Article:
Celiac Syndrome Logo
Home   |   Meeting Calendar   |   About Celiac Syndrome   |   Texas Support Groups   |   Contact Info
About Celiac
All About Celiac
Dermatitis Herpetiformis
Is it REALLY Gluten Free?
Beware List, May Have Hidden Gluten
Gluten-Free NOT SAFE List
Gluten-Free SAFE List
Are YOU a Wheat-a-holic?



Points of Interest
Local Gluten-Free Resources
Gluten-Free Shopping
Poetry
Celiac Information Links
Celiac Stories
Menu Planning Tips
Dr. Rima's Celiac Blog


Recipes
Breakfast Ideas
Drinks
Salads n Dressings
Soups n Stews
Rice n Sides
Breads n Muffins
Wonderful Veggies
Poultry
Beef n Pork
Lamb n Wild Meats
Fish n Seafood
Desserts
Special Occasions

Anemia and Celiac



Saturday, Sep 15, 2007
 

Ask Dr. H | Malabsorption may explain anemia

By Mitchell Hecht
For The Inquirer
Question: My 38-year-old daughter was recently diagnosed with iron deficiency anemia when she attempted to give blood. Her hemoglobin was 9 (the lower limit of normal is approximately 12). She had a colonoscopy and upper endoscopy, which did not find a cause for anemia. My daughter says she has no unusual periods or other bleeding. What does it mean?

Answer: Your daughter has iron deficiency anemia either because she's losing blood somewhere or her body's not properly absorbing iron from her diet.

Causes of blood loss in a premenopausal woman include bleeding from the digestive tract and heavy menstrual bleeding. Endoscopy has ruled out the obvious sources: esophagus, stomach, duodenum and colon. Some women think their menstrual bleeding is normal when it is not, so it would be worth having her doctor rule out a gynecological source like a uterine fibroid or polyp.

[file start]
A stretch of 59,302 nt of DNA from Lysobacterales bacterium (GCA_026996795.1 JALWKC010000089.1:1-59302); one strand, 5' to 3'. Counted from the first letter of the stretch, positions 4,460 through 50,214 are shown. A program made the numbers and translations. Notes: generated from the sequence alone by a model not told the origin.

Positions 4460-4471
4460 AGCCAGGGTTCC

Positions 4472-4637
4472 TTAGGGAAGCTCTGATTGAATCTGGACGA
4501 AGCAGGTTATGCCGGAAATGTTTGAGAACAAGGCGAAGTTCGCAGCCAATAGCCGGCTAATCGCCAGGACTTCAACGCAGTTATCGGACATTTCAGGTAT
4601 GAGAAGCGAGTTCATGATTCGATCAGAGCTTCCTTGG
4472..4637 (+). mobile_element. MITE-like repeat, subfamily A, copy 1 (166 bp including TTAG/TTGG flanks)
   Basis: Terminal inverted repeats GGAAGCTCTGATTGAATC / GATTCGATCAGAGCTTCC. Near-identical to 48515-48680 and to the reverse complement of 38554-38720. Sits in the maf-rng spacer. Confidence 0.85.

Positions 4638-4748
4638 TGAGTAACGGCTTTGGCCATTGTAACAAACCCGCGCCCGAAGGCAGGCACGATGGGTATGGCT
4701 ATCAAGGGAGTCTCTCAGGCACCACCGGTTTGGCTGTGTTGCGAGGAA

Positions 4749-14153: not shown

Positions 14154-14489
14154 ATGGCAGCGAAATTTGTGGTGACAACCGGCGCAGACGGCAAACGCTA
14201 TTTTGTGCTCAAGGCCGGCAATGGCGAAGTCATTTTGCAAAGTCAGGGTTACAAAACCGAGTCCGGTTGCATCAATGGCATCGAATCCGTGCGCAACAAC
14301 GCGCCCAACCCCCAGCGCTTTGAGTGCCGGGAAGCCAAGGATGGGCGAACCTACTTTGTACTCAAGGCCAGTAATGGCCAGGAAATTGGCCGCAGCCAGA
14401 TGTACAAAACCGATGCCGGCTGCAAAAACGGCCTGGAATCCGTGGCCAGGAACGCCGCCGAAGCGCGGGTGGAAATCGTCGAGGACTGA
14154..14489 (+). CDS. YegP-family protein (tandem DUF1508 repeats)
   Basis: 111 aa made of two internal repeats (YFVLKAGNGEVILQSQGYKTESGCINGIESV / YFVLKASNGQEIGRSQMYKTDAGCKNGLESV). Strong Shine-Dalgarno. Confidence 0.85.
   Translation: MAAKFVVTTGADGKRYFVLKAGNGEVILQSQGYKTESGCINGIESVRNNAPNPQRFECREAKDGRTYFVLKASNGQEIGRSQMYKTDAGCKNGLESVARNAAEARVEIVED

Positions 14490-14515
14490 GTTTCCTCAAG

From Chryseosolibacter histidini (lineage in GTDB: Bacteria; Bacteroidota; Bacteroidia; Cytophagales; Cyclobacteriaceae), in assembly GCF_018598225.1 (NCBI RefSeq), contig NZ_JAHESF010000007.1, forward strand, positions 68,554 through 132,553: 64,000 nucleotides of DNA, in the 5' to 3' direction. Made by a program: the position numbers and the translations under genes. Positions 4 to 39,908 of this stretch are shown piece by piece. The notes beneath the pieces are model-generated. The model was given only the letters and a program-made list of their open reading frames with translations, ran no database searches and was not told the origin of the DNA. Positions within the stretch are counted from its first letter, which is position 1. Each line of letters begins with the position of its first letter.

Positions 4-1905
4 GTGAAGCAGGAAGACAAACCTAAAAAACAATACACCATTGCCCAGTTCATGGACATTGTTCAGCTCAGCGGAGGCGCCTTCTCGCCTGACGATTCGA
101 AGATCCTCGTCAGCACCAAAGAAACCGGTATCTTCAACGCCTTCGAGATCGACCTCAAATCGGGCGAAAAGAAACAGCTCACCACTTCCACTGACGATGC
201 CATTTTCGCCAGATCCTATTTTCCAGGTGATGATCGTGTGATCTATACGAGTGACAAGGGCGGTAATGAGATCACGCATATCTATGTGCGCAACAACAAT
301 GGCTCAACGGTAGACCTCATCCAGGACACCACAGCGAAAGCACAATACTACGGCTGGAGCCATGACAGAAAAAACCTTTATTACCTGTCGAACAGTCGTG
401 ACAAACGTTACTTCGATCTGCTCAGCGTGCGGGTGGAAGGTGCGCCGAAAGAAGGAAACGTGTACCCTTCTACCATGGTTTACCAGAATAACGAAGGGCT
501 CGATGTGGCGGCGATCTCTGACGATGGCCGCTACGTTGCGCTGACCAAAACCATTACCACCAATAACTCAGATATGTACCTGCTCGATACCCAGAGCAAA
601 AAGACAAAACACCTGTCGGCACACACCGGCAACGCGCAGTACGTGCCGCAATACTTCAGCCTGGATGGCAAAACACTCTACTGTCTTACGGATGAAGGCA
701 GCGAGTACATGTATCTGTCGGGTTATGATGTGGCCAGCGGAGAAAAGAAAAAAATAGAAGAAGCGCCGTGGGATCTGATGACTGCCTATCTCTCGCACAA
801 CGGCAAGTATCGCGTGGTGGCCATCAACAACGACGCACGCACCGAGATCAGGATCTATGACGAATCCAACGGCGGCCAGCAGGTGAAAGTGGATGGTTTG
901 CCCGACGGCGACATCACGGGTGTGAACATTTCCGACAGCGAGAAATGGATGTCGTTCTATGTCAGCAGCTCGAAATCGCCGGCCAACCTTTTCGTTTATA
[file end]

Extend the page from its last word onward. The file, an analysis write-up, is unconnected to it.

If bleeding has been ruled out and she feels well, her anemia has been slow and chronic. The most common cause for iron deficiency anemia in that case is malabsorption in the small intestine from celiac sprue - a condition in which the immune system reacts abnormally to gluten protein.

It's a mysterious autoimmune reaction; for unclear reasons, gluten protein triggers a destruction of the tiny villi projections in the small intestine that are responsible for the absorption of not only iron, but all sorts of important nutrients.

While most commonly seen in childhood, it can first appear in adulthood. Depending upon the degree of small-bowel destruction, there may or may not be weight loss and diarrhea with celiac sprue.

Diagnosis involves blood tests that look for celiac antibodies and a small-bowel study with biopsy. Correction of the condition requires daily iron and a gluten-free diet.

If it turns out that she does not have celiac and no clear cause for iron deficiency is found, I'd suggest seeing a hematologist for further evaluation and IV iron infusion.


Mitchell Hecht is a physician specializing in internal medicine. Send questions to: Ask Dr. H, Box 767787, Atlanta, Ga. 30076. Because of the volume of mail, personal replies are not possible.
 
Designed By Design Laurels Login